Netflix’s Own Version of 3D GTA Games Fail to Deliver Quality

Everyone thought that Netflix versions of classic GTA games would save the series, but it doesn’t seem to be the case.

By AtillaTuran, Posted 20 Dec 2023

The Definitive Edition of the classic 3D era Grand Theft Auto games came out two years ago, and in these two years, people believed that the definitive editions were nothing more than a failed attempt. Poor graphics, bug-filled gameplay, and on top of that, no updates to fix the game afterward. Though the creators did push a few updates, it was not enough to polish the games completely at all. Nowadays, the Grand Theft Auto Definitive Edition stands in the same place as when it first came out, an unreasonably expensive overhaul that nobody asked for.

The worst thing is people who are considered very talented modders of these games could deliver better-looking mods with fixes. Silent Patch and a few graphics mods that turn the games into their original PS2 counterparts are very easy to download and make it work in those games, so why should you go ahead and purchase the games that only add RenderWare Engine on top of Unity-based engine? Lack of optimization and glitchy gameplay pushed people to take their old CD releases or, unfortunately, opt for pirated versions to play.


The developer who was responsible for the Grand Theft Auto: Definitive Edition was GSG, also known as Grove Street Games. This small developer was also responsible for bringing these classic titles to the mobile platform, and their conversion to mobile was considered as nothing more than “mid”, it was playable, but some eye-poking problecouldn'tn’t be disregarded. Grove StreGames’ project was not an easy feat, though; all the games on the 3D series were ported to PC from PS2 a year later, and they are simulating a PS2 controller with a PS2-rendered engine. So from PS2 to PC, then mobile, then PC, it was not an easy way to port your game over.

Having already turned the game into a spaghetti code, it is unbelievable how all three games ran without actually breaking into two parts. The game was basically duct-taped together, but still, it was functioning. Two years after its release, Definitive Edition was the latest version to hit the stores until a Netflix version appeared in the stores a few days ago. So, what is the Netflix version?

Grand Theft Auto Netflix Version is a free version of three 3D games from the GTA series, and they are distributed to everyone who owns a Netflix subscription. All Grand Theft Auto III, Vice City, and San Andreas games can be played on your mobile phone, although there are differences between the Definitive and Netflix versions. In order to check whether you can play the games, you need to have a compatible smartphone, which you can check by visiting the game's app store page. On top of that, you need an active Netflix subscription to download the game. Alternatively, you can purchase the standalone games from the app store without having a subscription, though they cost 20 dollars each, just like the Definitive Edition. 

So what is exactly wrong with the Netflix version? It has been two years, as we stated, and you would think they would come up with the idea of fixing the mess that was called Definitive Edition because the Netflix version is also based on the game. Strangely, the name Groove Street Games is missing from the title; instead, we have the team who worked on L.A. Noire VR Cases, Video Games Deluxe. Now this team is actually competent, unlike Grove Street Games. But it's too bad some of the problems of these games actually flew over their radar.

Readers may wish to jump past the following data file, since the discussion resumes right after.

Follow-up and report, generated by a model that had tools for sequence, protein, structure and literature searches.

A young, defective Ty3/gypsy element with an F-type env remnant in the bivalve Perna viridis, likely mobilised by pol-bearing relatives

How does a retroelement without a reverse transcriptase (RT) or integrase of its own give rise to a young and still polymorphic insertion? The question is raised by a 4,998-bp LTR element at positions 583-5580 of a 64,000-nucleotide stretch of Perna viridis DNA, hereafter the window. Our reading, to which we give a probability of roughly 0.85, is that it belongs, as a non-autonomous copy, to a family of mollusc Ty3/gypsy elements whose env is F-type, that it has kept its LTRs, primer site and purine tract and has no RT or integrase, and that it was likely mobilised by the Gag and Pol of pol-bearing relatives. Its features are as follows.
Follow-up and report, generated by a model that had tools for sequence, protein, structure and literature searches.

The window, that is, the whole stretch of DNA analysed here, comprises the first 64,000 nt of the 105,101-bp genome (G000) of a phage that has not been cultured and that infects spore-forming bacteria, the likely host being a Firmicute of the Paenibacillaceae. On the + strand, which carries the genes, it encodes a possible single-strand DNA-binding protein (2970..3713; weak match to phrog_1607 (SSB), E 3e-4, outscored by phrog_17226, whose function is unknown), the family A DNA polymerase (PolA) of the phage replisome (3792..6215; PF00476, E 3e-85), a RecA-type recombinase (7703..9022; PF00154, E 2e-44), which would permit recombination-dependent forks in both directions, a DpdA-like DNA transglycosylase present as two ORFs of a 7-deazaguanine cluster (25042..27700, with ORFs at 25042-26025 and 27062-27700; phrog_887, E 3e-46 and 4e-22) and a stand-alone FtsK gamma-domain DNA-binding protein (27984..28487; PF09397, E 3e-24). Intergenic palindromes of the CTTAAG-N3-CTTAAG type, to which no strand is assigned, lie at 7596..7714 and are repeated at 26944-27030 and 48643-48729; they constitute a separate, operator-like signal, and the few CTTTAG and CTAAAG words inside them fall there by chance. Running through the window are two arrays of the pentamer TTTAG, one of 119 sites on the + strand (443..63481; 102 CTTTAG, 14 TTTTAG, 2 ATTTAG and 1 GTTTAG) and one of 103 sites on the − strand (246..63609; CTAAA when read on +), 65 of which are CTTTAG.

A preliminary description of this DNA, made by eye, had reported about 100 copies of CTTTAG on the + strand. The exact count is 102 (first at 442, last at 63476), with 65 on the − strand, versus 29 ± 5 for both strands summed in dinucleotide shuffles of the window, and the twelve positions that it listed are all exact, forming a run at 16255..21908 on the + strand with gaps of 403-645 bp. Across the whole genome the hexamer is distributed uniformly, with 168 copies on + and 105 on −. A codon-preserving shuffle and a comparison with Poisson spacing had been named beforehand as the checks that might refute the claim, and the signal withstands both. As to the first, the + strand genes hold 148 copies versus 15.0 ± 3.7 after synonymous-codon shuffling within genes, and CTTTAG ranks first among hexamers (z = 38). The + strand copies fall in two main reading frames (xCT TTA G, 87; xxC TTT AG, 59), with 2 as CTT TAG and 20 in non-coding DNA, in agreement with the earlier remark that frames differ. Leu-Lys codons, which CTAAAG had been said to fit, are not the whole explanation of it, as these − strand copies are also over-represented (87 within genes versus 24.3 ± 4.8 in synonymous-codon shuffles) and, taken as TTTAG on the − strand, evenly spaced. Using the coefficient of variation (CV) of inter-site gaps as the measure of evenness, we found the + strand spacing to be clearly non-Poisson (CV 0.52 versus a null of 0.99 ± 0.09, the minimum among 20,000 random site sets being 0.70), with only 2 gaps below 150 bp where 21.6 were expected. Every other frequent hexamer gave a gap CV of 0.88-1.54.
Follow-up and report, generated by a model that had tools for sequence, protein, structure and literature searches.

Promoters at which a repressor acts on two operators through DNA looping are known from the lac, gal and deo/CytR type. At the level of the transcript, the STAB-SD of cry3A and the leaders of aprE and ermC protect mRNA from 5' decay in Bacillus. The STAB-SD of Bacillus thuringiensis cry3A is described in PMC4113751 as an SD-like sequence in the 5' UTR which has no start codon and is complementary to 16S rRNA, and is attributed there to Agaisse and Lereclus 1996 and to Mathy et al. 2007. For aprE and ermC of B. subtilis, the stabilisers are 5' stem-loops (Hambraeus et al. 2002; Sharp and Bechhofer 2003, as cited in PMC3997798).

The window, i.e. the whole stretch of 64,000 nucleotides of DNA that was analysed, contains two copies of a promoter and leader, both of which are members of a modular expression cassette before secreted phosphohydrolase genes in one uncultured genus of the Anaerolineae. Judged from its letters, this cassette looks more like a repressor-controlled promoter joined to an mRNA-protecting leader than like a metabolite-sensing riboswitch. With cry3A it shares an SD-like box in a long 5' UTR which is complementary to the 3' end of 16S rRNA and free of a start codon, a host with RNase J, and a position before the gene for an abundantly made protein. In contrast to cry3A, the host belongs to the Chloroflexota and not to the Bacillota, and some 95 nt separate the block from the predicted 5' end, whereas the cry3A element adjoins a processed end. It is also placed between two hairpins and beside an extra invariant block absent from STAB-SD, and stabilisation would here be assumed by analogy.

Grand Theft Auto, Netflix Edition, New GTA, New Edition, Netflix, Grove Street Games, Video Games Deluxe, Mobile Gaming, Rockstar Games, NoobFeed

To their credit, there are some glitches and visual oddities being fixed in the Netflix version, and you can even find extra options to bring back “classic lighting”, which is the gray/blue/orange tint found in the PS2 versions of the games, respectively. While most of the problematic bugs might have been fixed, the titles still feel soulless and apart from their original counterparts. They still lack personality, and no, this has nothing to do with the nostalgia filter. You could still go ahead and play the classics and see that they are functioning as they are intended.

Most of the people who regularly play or speedrun these games realized that the optimal performance of these games is still not ready for smartphones, and unfortunately, the developers only cared for the first quarter of these games. While the starting island or the first 30 missions are so great and without bugs, once people jump over to the next chapter of the story, the games exactly feel the same in terms of quality. It is almost as if they only cared about the beginning of the game rather than properly establishing a research of the game code and executing a massive flush on the pesky bugs.

For now, Netflix Editions of the 3D era GTA games are still not worthy of play, and it is somewhat concerning that RockstGames’ quality control dipped to the bottom. It showcases how they do not care about the quality as they would know people buy their products regardless. Unless people start mentioning, or far better, boycotting Rockstar Games for not being faithful to the titles that made them popular today, we will keep seeing half-assed game attempts of their so-called revivals. We just hope that they do not employ the same route on their highly anticipated Grand Theft Auto VI.

Atilla Turan (@burningarrow)
Editor, NoobFeed

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General Information

Platform(s): Xbox One, PS4, PC
Publisher(s): Rockstar Games
Developer(s): Rockstar Games, Grove Street Games
Genres: Third-Person Shooter
Themes: Open World, Action, Adventure
Release Date: 2021-11-11

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